Monday, April 6, 2015

It's National Tartan Day!





Today, April 6th is National Tartan Day, a day for Scottish Americans to celebrate their history and contributions to the USA. Did you know that the Declaration of Independence was modeled after the Declaration of Arbroath?  The Declaration of Arbroath, the declaration of Scottish independence, was signed on April 6, 1320 after Scottish barons and earls sent a letter to Pope John XXII to assert Scotland's status as an independent state.  According to Scotland's National Records, the letter, or declaration, also asked the pontiff to recognize Robert the Bruce as the country's lawful king.



In 1998 the US Senate passed a resolution declaring today National Tartan Day, "whereas this resolution honors the major role that Scottish Americans played in the founding of this nation, such as the fact that almost half of the signers of the Declaration of Independence were of Scottish descent, the governors in nine of the original 13 States were of Scottish ancestry, Scottish Americans successfully helped shape this country in its formative years and guide this nation through its most troubled times."



From my personal transferware collection, I thought I'd share a few images of my Tartan transferware plates and favorite interiors decked out in Tartan or plaid.  The plate in the two photos below is entitled "Caledonian": the Latin name given by the Romans to land in Scotland.  Today the name is mostly used as an historical description of Northern Britain or a poetic or romantic name for Scotland.  It was made circa 1836-42 by Ridgway, Morley, Wear & Co.  The green is enameled over the brown transfer printed plaid pattern.  I have them in purple as well and they're some of my favorite pieces as they have a little sentimental meaning to me as well because I've got both Scottish and English heritage.  

   This one is on the office mantle (notice the plaid wallpaper and puppy painting with the bagpipes and Tartan shawl, and a few books from my collection of Clan history books).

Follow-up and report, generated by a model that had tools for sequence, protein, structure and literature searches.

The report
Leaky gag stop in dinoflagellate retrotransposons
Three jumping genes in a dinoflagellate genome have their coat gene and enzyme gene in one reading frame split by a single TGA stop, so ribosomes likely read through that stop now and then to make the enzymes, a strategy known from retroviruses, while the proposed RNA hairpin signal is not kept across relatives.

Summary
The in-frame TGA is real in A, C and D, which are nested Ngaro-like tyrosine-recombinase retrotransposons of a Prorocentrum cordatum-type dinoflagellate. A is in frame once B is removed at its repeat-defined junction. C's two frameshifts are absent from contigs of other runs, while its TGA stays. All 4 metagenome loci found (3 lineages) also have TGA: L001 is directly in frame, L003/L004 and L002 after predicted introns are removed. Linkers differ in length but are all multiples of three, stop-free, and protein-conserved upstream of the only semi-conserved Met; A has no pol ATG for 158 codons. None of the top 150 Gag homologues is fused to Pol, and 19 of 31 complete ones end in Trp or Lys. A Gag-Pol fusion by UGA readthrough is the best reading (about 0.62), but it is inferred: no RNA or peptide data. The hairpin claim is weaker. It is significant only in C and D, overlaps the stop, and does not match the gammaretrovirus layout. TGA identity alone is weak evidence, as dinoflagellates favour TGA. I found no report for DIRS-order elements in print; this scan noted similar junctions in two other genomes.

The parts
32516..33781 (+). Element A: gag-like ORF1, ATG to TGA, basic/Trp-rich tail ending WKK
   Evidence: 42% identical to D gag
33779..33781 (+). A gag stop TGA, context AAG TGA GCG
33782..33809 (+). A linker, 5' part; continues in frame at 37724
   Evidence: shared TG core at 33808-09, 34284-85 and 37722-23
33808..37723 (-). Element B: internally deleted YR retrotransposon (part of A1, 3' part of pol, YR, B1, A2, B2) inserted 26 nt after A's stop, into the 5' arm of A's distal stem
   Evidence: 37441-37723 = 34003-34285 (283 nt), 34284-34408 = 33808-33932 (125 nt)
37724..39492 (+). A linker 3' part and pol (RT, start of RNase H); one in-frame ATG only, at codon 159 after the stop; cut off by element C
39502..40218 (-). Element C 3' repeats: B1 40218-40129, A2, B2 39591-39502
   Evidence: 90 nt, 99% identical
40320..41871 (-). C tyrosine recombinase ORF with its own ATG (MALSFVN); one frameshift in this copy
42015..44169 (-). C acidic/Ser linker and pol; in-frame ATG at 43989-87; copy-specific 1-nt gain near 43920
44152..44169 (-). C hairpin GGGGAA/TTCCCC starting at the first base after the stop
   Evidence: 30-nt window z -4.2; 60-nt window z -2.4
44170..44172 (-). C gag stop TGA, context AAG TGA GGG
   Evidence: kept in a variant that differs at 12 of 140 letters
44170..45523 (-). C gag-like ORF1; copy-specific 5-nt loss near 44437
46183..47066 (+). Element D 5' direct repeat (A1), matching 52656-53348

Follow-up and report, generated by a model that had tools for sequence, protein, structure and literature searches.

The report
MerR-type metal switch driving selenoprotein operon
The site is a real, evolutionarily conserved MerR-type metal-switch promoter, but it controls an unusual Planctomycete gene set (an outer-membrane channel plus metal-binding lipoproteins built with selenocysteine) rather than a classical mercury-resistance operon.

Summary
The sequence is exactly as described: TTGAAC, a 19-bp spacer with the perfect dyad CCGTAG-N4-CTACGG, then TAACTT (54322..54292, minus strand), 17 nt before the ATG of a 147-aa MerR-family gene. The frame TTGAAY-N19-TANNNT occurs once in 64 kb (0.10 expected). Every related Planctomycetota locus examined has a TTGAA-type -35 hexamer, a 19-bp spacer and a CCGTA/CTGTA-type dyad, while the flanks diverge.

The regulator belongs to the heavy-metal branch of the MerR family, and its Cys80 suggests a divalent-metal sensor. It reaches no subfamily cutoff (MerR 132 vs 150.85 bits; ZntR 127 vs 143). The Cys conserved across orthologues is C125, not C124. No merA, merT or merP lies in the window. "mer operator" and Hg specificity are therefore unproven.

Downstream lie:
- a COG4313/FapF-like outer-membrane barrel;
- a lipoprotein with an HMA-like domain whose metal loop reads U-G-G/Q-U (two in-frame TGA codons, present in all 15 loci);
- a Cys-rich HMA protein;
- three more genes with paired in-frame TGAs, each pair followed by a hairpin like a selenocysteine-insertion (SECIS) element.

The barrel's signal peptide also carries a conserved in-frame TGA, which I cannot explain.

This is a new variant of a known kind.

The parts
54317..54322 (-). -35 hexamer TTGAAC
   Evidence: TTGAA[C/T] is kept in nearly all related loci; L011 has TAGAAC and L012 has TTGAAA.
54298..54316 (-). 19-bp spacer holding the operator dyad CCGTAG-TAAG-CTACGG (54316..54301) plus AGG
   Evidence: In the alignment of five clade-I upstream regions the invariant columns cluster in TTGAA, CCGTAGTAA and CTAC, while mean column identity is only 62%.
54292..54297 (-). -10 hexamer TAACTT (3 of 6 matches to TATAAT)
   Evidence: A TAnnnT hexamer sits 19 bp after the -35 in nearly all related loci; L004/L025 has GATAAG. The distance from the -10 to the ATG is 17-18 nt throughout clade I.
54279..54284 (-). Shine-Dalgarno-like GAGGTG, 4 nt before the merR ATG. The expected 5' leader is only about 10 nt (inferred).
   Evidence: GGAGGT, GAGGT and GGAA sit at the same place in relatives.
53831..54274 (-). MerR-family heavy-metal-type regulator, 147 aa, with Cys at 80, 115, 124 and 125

The same patterned plate, along with some other transferware pieces, is in the family room.  

Each Scottish Clan has their own Tartan.

My family (Robinson) are part of the Gunn Clann

Shawn also has Scottish heritage and his family (Clements) are part of the Lamont Clann, so our kiddos have Scottish on both sides.


Tartan is actually a pattern of interlocking stripes running both horizontal and vertical and is mistakenly known as plaid.   Plaid, according to the Scottish Tartans Museum,  comes from the Gaelic word for blanket and is specifically used in the context of Highland dress to refer to a long length of material.  Originally the kilt was known as the belted plaid which consisted of basically a large blanket that was gathered and belted at the waist.  Plaids were most often made from a tartan cloth, so the confusion between the two is understandable.  In fact, I'm sometimes still a little confused.  haha



Tartan designs originally had no symbolic meaning and cloths made of the patterns can be dated to about 3000 BC.    Where there was woven cloth, Tartan patterns were created and yet it is only Scotland that cultural significance is associated with them.  Tartan became so extremely popular in Scottish Highland culture that by the 17th century it was characteristic of Highland dress.  It was so identifiable with the Highland Gael that in 1746 the British government forbade the wearing of Tartan in the Highlands; an attempt to suppress the rebellious Scottish culture.






Have a piece of cake,

pull up a seat 


and enjoy all of these wonderful Tartan and Plaid interior images from my Pinterest board Insanely Mad About Plaid.


































Am I driving you plaid yet?

Happy National Tartan Day!


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